Nationalism gets in the way of supporting good causes

Think of how you describe yourself. Likely your country of origin and current citizenship are on the list. But why do those define us when the geographic location of our birth is quite arbitrary? When there is a political demonstration or natural disaster nationality shouldn’t matter, and yet a sense of nationalistic pride or sorrow tends to arise if you have ties to the region. Look at the groups organizing demonstrations in support of Egyptian protesters — many are Egyptian-based. But whether or not we care should not be answered by our loyalties to a nation. They are a group of people who need our support, one way or another.

Nationalism has many forms and has been a significant part of shaping the borders in Europe, especially in the last century. There has been radical nationalism under fascist regimes such as Nazi Germany where leaders attempted to ensure their ethnic group dominated the region. In contrast, other nationalities hoped only to distinguish themselves as a group with a common culture and language, as was seen in Poland, the Czech Republic and many other European countries. Nationalism is loyalty to a state or ethnic group, no matter how big or small. But the geographic location of our birth should not define who we do or do not care about in moments of joy or sorrow.

Consider when natural disasters occur, the media draws in the attention of its readers by appealing to their nationality. In the Montreal Gazette, one headline read “One Canadian Dead in Haiti Quake.” One. Over 25 paragraphs later the journalist felt it was important to inform the readers that 100,000-250,000 Haitians had died. This headline reads like many others because that is the sad low our media has to go to to get the attention of readers. Does one Canadian, of over 34 million, really matter more than potentially a quarter of a million people? In all likelihood you do not know that individual so it should not make the disaster matter more. The only real connection I have with that person is we have a common Canadian citizenship. In reality, I could probably connect more with a person from Montana than with someone from across the country because of our common rural upbringing. To think I should care more about a death because that person was born or lives within the same borders as me is wrong.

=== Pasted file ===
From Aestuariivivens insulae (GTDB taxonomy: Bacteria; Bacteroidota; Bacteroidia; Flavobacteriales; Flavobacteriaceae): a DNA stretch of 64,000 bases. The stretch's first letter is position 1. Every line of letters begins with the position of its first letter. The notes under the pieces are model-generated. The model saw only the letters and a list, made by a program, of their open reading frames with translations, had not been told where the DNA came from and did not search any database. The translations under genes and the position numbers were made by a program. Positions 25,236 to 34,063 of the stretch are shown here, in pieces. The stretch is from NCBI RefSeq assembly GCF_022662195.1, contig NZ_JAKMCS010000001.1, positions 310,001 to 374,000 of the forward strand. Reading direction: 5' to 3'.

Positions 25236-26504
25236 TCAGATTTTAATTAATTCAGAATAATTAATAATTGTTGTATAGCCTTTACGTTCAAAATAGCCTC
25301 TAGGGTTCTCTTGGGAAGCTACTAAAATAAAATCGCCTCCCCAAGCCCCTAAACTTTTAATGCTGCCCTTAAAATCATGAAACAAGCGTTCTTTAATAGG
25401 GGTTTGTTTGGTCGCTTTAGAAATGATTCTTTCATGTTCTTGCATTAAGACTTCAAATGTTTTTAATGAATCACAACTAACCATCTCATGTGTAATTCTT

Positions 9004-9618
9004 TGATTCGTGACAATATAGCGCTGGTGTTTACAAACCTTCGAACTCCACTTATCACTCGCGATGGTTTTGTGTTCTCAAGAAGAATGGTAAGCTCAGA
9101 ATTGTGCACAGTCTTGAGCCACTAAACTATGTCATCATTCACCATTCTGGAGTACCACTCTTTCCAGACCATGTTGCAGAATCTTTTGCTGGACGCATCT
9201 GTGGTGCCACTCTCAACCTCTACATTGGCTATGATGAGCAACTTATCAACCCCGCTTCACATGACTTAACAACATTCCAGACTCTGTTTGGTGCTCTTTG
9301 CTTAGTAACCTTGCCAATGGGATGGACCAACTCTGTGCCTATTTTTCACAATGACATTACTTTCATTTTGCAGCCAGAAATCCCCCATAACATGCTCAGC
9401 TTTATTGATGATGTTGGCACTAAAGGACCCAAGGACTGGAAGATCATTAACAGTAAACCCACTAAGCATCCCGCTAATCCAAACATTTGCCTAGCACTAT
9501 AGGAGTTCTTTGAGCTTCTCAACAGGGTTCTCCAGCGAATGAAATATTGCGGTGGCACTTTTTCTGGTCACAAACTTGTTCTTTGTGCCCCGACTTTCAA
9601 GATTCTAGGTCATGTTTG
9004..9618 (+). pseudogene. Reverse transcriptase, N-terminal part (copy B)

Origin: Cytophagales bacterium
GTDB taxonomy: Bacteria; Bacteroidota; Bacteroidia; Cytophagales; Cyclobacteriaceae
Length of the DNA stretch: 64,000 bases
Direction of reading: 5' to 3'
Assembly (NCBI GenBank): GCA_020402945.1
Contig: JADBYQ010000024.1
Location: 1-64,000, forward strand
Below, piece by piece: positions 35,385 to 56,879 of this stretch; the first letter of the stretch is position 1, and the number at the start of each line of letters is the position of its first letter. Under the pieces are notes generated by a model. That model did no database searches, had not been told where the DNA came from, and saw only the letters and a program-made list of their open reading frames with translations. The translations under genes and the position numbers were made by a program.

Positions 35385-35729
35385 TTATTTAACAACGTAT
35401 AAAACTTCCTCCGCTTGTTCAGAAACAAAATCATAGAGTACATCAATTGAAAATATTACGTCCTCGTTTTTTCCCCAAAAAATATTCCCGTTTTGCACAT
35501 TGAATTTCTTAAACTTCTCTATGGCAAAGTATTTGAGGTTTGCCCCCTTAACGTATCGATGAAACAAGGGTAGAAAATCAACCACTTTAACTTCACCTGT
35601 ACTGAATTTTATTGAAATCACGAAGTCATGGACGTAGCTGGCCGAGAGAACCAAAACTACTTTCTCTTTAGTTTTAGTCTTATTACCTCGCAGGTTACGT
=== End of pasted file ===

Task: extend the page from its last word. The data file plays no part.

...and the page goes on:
We need to consider why we lend support to others. Individuals with ethnic ties to Egypt are more likely to care about the current turmoil because they have family and friends there, which is understandable. Realistically, the protests in Egypt will not directly affect the majority of Canadians, but that is not a sufficient reason to look away. Our nationalistic ties automatically draw us to care or ignore a situation — we need to end this. The political turmoil in Egypt and many other countries in the region matter because the people are struggling for freedoms which we take for granted. The Egyptians do not want to reform their country into the image of Canada, but they are fighting for democracy. In Canada, that is a basic right. Support for Egyptians should be because of the plight of the people, not because of a nationalistic attachment or lack thereof.

The international news section in the newspaper is not irrelevant. People should disconnect themselves from the arbitrary notions of loyalty to an ethnic group or state. If they know people directly involved, of course it will matter more. But they shouldn’t let their Canadian nationalism keep them separate from those in need or celebrating success. Instead, they should care because the natural disaster or political demonstration is affecting the lives of other human beings, no matter their citizenship.

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